End of Snug Harbor Dredging Leaves Boat Owners Stuck in Mud

End of Snug Harbor Dredging Leaves Boat Owners Stuck in Mud

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Snug Harbor sits mostly empty on Tuesday, Dec. 29 as a contractor prepared to stop dredging work.

 

The boat slip at Sandy Beyel’s upscale home overlooking Snug Harbor remains empty for the third year in a row.

Low tide at Snug Harbor on Thursday, Aug. 27, the day City Council approved spending more than $997,000 to make it six feet deeper.
Low tide at Snug Harbor on Thursday, Aug. 27, the day City Council approved spending more than $997,000 to make it six feet deeper.

Next door, a 34-foot boat belonging to Ed May, Beyel’s neighbor, has been bottled up at its dock since last summer.

Beyel, May and other homeowners at Snug Harbor are frustrated by the muck that clogs the small lagoon off Bay Avenue between Eighth and Ninth streets in Ocean City.

A dredging project that began in the fall was supposed to finally clear the waterway of mud and silt, but the contractor performing the work for the city has run out of time to complete the nearly $1 million job. The dredging stopped on Thursday, Dec. 31.

Jim Mallon, the city’s business administrator, said that Wickberg Marine Contracting Inc. must wrap up the work because seasonal environmental restrictions prohibit dredging starting Jan 1.

The regulations are designed to protect the shellfish and blue claw crabs living in Snug Harbor from excavation work, Mallon said. He believes the restrictions are in place “deep into spring,” meaning that dredging operations could not resume at least until then.

An excavator scoops mud from the mouth of Snug Harbor on Friday, Nov. 6.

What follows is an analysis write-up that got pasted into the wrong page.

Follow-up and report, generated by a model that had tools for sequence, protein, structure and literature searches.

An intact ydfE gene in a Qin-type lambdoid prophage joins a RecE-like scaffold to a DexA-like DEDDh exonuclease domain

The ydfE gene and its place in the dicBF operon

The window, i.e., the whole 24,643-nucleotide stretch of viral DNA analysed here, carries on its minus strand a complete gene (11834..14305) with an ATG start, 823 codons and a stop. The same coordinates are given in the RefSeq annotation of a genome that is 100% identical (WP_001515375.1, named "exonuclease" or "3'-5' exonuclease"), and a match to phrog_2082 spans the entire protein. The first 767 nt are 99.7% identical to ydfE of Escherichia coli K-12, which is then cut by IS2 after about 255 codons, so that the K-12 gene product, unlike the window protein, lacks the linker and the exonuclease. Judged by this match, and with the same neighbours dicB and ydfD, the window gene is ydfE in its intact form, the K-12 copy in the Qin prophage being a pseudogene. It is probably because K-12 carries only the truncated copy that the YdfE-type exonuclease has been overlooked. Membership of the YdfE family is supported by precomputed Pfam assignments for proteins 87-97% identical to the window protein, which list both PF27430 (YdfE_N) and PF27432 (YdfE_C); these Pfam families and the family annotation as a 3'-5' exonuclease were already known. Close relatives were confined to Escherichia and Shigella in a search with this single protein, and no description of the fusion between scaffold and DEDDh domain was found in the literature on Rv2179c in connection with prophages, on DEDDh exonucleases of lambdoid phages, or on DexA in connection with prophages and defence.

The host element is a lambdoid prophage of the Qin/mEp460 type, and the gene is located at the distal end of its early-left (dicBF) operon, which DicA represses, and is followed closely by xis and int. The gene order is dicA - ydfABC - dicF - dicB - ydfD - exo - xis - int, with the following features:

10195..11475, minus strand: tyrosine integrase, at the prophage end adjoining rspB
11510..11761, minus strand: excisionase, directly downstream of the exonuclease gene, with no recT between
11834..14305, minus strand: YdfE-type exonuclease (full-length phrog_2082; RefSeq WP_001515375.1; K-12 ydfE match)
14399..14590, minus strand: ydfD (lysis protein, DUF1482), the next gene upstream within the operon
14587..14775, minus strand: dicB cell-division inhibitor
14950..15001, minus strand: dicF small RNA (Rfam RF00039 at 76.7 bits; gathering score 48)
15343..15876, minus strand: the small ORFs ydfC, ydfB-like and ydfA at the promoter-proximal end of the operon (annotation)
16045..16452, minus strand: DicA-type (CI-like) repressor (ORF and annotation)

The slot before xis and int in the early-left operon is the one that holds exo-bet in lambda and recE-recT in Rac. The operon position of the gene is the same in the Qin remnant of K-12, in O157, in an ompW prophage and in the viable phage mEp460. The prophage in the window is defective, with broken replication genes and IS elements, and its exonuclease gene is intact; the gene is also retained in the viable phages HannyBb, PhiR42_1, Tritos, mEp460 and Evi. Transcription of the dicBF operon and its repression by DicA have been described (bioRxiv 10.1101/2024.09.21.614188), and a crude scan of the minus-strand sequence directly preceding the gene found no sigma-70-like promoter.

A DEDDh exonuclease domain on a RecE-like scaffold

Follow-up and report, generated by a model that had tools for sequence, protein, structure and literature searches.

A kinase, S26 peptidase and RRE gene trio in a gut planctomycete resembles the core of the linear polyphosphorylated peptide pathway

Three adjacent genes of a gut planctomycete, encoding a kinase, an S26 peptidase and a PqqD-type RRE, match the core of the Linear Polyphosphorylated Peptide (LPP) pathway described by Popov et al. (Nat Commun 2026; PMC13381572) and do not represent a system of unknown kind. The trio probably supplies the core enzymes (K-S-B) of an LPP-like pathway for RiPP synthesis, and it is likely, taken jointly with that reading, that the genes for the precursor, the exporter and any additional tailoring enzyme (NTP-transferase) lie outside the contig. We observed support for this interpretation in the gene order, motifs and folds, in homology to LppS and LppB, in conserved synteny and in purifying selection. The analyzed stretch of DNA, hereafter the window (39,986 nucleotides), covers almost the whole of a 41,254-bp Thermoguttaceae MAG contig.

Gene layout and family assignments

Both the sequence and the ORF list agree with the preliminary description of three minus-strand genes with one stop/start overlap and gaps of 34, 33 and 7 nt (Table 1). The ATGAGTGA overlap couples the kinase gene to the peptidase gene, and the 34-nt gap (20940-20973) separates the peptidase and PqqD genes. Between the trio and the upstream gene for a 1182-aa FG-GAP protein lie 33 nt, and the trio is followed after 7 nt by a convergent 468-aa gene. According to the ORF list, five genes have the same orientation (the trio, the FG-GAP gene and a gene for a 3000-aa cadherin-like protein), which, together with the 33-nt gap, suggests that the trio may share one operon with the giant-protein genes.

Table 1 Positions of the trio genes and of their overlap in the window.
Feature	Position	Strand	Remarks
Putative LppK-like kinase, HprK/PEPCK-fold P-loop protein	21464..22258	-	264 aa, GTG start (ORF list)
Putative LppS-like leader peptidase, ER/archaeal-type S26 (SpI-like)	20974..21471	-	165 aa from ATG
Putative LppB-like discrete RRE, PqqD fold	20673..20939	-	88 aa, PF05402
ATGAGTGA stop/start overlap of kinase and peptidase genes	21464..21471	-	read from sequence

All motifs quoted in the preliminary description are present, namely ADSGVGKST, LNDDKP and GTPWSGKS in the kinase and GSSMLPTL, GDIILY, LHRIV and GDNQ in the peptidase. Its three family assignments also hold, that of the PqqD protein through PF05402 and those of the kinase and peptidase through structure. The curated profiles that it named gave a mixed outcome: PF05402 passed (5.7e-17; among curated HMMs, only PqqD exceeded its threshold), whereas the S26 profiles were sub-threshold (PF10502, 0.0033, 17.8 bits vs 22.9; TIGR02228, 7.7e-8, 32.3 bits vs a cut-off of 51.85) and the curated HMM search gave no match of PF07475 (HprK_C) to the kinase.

An excavator scoops mud from the mouth of Snug Harbor on Friday, Nov. 6.

Mallon said the city must conduct a survey to determine exactly how much work Wickberg was able to complete. He estimated that more than half of the project was finished.

Residents complained that they will have to endure even more delays before the lagoon is freed from the sediment. The muddy morass has trapped the few boats that remain in Snug Harbor and left most slips empty.

“We’re extremely frustrated,” said Beyel, whose home is perched above the water at the end of Eighth Street. “Part of this whole thing is that we have mudflats along our boat slips.”

Beyel, whose family has lived on the property since 1949, remembers swimming in Snug Harbor while she was growing up.

Now, the lagoon is choked with so much sediment that it is practically dry at low tide. There is only about a foot or two of water around the slips at high tide, preventing all but the smallest of boats from traveling through the lagoon, Beyel said.

“My boat slip has been empty for three years,” she said. “I couldn’t even rent a slip to somebody.”

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May who has lived at Snug Harbor for 25 years, said his boat is marooned at low tide. He hasn’t had it out of the lagoon since last summer. He said most of his neighbors have moved their boats elsewhere.